The 400-ft. dragon making his appearance at Lantern Light Festival
Spectacular Chinese lanterns are the draw of the new Lantern Light Festival coming to Miami-Dade County Fair Expo Center, Nov. 30-Jan. 8, and produced by Pinnacle Production Group (Pinnacle).
“The festival is a six-week production featuring massive lanterns, inspiring performances and incredible cuisine,” said Sanjay Syal, president of Pinnacle. “Attendees will experience a kaleidoscope of colors, shapes and themes in the run–up to the Christmas period and beyond.”
Lantern Light Festival scene
The Chinese word for lantern means ‘a new-born baby boy.' Lighting lanterns is symbolic of illuminating the future and giving birth. People pray for smooth futures and express their best wishes for their families. It's thought women who want to be pregnant should walk under a hanging lantern and pray for a child.
“While some people have seen lanterns being released into the night sky, these lanterns stay firmly on the ground,” explained Syal. “This show was designed for Miami and costs $2 million to produce, with lantern themes including global architecture, animals and sea life, holiday traditions and mythical stories.”
The elaborate lanterns are custom-made in China, hand-crafted by Chinese artisans.
“The lanterns take two months to make and take a team of seven people,” said Syal. “They will come over in 15 shipping containers and then take 40 people here in the States to assemble.” LED lighting provides the glow.
The lanterns can reach up to 30 feet in height and 150 feet in length, creating a striking visual display. They come in a medley of colors and in a variety of structures and themes. Each lantern set is made up of three-dimensional stained glass and handmade from hundreds of pieces of silky cloth. “The lanterns take a lot of skill to make and are made by some of the world’s best lantern-makers,” said Syal.
“The lanterns are actually more than just a single 'lantern',” explained Syal. “They are actually 'scenes' and each scene can have multiple lanterns in it. Some are quite extravagant, like the dragon, which is 400 feet long.” Other scenes will include the White House, Eiffel Tower and ancient Chinese structures modernized for the United States.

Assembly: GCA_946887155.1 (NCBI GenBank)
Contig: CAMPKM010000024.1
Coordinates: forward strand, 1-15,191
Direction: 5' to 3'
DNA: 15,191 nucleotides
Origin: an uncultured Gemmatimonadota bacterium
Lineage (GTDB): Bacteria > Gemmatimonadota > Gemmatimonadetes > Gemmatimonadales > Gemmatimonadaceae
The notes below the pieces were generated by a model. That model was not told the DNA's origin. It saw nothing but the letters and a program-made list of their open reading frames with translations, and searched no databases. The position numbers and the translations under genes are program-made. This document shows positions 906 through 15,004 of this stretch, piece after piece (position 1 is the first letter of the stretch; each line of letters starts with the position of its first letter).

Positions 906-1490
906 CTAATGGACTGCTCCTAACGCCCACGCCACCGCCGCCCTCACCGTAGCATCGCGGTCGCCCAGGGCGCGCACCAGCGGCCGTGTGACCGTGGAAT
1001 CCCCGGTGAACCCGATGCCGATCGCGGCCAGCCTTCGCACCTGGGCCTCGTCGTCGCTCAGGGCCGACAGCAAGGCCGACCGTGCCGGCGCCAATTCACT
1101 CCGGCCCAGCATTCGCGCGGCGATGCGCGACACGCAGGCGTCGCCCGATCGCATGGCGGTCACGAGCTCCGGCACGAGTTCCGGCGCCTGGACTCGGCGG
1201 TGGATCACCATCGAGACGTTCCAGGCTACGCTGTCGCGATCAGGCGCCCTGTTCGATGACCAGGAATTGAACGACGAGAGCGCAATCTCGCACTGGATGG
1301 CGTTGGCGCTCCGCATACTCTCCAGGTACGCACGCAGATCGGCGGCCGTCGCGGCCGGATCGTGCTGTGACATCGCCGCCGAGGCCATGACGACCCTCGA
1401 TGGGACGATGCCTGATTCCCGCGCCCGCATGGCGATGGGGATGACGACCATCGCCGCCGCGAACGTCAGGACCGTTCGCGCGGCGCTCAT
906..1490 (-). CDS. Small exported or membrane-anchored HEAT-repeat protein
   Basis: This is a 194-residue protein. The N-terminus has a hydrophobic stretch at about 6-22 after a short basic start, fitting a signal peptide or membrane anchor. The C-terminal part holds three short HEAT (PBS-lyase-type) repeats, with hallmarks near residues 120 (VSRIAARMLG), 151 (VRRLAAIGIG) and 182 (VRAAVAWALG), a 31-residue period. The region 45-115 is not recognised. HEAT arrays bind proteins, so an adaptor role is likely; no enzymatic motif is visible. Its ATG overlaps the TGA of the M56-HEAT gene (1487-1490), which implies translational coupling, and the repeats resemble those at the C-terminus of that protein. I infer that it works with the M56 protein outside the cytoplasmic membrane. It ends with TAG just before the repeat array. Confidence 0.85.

Lantern Light Festival layout
The festival is laid out on 15 acres of space, and Syal expects there to be around 40 unique scenes. “It's a feast for the eyes,” said Syal. Two hundred thousand attendees are expected to visit the fairgrounds for the Lantern Light Festival and, according to Syal, “We have the right to extend the event until Jan. 29, by three weeks, if we are doing good.”
“We can't wait for this event,” said Sira Camilo, director for sales and business development for Miami-Dade County Fair & Exposition, Inc. “We're counting the hours and the minutes; we're expecting a really big hit with the Lantern Light Festival. I think Syal's going to hit it really big with this show.”
Camilo said they had a terrific experience with Syal at the start of the summer with a dinosaur show. “The dinosaur show was quite successful and very well received,” she said.
Camilo expects the festival to bring $200,000 to the fair. “We're starting out with low projections because this is a first-time event. It will also provide an economic benefit to the community as a whole. We need more wholesome family-friendly events here and expect the Lantern Light Festival to be a new tradition.” Twenty fair employees will stay on-site during the festival's duration; the rest of the staff will be provided by Pinnacle.
“The Lantern Festival tradition is thousands of years old,” said Syal. It can be traced back to the beginning of the Eastern Han Dynasty (25–220) when Chinese Emperor Hanmingdi was an advocate of Buddhism. The Emperor heard that the monks lit lanterns in the temples to show respect to Buddha on the 15th day of the first lunar month. The emperor was so impressed he ordered that all temples, households and royal palaces light lanterns on that evening.
This Buddhist custom evolved into a yearly grand festival celebrated on the 15th day of the first Chinese lunar month. The festival traditionally ends the Chinese New Year period. The Lantern Festival also marks the first full moon night in the Chinese calendar, marking the return of spring and symbolizing the reunion of family.
Tickets will cost $19-$23. A VIP package, $59, will include parking, a train ride, a round of mini-golf, a chance to go into the 'mining area' to mine for emeralds and a t-shirt. A season pass will cost $60.
Lantern Light Festival entrance
In Laddition to seeing the gigantic lanterns, the festival will have traditional Chinese activities including face painting, fireworks, Chinese acrobats, live music and authentic Chinese food.
Next stop for the Lantern Light Festival is Memphis, Tenn., at the Agricenter in the spring of 2017.
Pinnacle is Syal's second entertainment company. His first company, Blue Star, is the organization that bought out Vince Egan's company, VEE Corp., which owned and produced Sesame Street Live, among other live family shows. Syal led a group of investors on the buy-out and changed that company name to V-Star. They bought more shows but, eventually, Syal and V-Star parted ways. Syal still maintains a 25 percent stake in the company.
Interviewed for this story: Sanjay Syal, (651) 504-2000; Sira Camilo, (786) 315-5266